The NP300 ‘Hardbody’ achieved an alarming zero star rating for its poor adult occupant protection mainly in the driver head and chest areas in the frontal crash test at 64 km/h. The vehicle structure collapsed during the crash test and it was rated as unstable.
The steering wheel column did not collapse penetrating the passengers’ compartment, creating an additional risk for the driver as it moved straight into the dummy chest. This performance showed a significant risk of injuries for the driver despite the car being equipped with double frontal air bags.
The high probability of life threatening injuries to the driver’s head and chest resulted in the zero star adult occupant protection rating. Even with an air bag the driver’s head and chest showed high biomechanical readings.
The NP300 ‘Hardbody’ achieved two stars for child occupant protection, the low result is mainly explained by the decision of the car manufacturer to install one of the Child seats without following Child seat manufacturer instructions.
The Yaris achieved a three star rating for adult occupant protection in the frontal crash test at 64 km/h. The vehicle structure was rated as unstable and offered marginal to good general adult occupant protection.
The car provides seat belt reminders for both frontal positions. The car included seatbelts with pretensioners for both front passengers. Using the child seats recommended by Toyota, the Yaris achieved a three star rating for child occupant protection.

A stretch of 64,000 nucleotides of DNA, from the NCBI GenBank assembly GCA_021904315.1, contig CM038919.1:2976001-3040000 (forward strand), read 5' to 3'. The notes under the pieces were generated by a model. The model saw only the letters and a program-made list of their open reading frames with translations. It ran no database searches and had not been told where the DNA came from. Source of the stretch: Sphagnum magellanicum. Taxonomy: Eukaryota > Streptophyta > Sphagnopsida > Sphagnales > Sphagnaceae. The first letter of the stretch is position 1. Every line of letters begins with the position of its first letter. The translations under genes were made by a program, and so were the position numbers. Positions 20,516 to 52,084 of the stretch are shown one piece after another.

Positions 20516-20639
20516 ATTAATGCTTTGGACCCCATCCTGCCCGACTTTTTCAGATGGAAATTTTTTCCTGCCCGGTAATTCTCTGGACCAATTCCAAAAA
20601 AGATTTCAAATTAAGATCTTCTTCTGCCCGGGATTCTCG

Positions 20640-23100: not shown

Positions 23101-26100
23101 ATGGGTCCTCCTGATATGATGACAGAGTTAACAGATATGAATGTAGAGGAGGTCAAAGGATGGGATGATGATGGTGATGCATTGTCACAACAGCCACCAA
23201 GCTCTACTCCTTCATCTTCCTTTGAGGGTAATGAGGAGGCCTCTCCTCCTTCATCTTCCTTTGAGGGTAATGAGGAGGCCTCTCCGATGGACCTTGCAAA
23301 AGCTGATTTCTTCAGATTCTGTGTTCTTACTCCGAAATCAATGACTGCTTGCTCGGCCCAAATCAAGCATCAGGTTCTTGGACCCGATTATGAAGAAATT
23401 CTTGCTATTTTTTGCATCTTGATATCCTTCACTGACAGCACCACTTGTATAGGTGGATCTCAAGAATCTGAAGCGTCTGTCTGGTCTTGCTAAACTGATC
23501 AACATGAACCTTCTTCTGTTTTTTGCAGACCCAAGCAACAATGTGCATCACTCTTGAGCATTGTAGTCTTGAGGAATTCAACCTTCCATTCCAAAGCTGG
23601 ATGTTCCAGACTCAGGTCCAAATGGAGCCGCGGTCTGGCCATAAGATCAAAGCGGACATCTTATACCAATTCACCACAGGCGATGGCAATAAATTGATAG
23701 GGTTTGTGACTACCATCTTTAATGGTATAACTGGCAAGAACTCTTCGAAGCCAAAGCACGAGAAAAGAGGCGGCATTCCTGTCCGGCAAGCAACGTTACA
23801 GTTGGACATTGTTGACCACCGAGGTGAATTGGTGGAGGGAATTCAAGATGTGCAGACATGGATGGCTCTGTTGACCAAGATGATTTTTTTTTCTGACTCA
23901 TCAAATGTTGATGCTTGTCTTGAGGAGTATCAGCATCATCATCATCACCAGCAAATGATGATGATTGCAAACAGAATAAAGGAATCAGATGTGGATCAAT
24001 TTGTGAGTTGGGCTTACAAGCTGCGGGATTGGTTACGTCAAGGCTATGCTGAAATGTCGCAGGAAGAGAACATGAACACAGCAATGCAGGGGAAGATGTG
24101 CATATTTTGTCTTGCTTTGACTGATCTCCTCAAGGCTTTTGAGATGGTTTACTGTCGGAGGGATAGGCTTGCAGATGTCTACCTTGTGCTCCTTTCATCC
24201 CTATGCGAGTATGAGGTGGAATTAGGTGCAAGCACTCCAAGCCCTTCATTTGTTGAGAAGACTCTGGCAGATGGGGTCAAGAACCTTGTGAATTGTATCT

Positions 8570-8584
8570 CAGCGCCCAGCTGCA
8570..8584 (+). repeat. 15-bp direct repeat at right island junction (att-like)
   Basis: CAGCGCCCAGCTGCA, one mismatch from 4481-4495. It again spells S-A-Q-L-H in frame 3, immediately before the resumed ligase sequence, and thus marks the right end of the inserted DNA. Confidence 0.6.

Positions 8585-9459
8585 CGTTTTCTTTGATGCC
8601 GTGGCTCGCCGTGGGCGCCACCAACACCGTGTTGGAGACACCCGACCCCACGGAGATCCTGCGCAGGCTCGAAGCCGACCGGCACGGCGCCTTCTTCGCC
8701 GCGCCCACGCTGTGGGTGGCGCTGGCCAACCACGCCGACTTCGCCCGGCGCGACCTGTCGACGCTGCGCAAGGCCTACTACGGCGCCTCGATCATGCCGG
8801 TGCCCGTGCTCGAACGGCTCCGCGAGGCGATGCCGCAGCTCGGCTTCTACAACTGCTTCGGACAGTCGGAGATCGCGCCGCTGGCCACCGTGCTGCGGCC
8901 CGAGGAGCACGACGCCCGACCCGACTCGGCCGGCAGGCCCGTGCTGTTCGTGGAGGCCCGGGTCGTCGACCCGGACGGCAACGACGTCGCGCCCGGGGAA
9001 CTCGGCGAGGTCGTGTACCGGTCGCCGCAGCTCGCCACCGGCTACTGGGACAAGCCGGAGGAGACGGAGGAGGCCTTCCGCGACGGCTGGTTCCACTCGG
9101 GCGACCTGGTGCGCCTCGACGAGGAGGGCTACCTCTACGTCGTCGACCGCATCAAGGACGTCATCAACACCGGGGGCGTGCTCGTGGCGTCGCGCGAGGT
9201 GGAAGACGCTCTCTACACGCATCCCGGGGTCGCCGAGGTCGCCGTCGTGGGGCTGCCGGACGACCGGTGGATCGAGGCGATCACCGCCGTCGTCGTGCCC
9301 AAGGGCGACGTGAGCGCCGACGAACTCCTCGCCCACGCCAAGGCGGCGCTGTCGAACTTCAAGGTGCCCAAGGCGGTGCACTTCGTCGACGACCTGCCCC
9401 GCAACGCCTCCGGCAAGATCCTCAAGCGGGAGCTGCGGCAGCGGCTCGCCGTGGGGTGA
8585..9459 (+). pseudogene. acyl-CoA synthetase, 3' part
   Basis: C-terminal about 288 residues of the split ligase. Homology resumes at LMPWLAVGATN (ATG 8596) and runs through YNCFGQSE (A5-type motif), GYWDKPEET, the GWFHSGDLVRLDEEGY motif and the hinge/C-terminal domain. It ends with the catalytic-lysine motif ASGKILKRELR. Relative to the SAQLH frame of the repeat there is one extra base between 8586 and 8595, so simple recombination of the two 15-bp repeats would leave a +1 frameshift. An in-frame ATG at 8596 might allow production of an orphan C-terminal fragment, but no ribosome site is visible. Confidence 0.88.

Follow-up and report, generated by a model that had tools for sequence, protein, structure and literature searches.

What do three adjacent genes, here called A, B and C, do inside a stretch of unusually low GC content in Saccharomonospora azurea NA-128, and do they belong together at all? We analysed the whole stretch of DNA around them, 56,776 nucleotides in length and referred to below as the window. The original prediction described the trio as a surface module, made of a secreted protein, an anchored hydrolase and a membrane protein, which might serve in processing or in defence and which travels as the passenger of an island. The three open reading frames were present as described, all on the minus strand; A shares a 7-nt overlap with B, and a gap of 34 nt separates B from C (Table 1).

The i20 achieved a three star rating for adult occupant protection in the frontal crash test at 64 km/h. The vehicle structure was rated as unstable as well as the footwell area. The protection levels ranged from marginal to good in adult occupant protection. The car offers seatbelt pretensioners for both front passengers and seatbelt reminder for the driver.
Using the child seats recommended by Hyundai, the i20 achieved a two star rating for child occupant protection explained by the limited protection offered to the 3-years old dummy and lack of ISOFIX anchorages.
The i20 structure is different to that of the European model. Safety equipment in South Africa does not offer Electronic Stability Control (ESC), side body air bags and side curtain air bags, which are standard in Europe.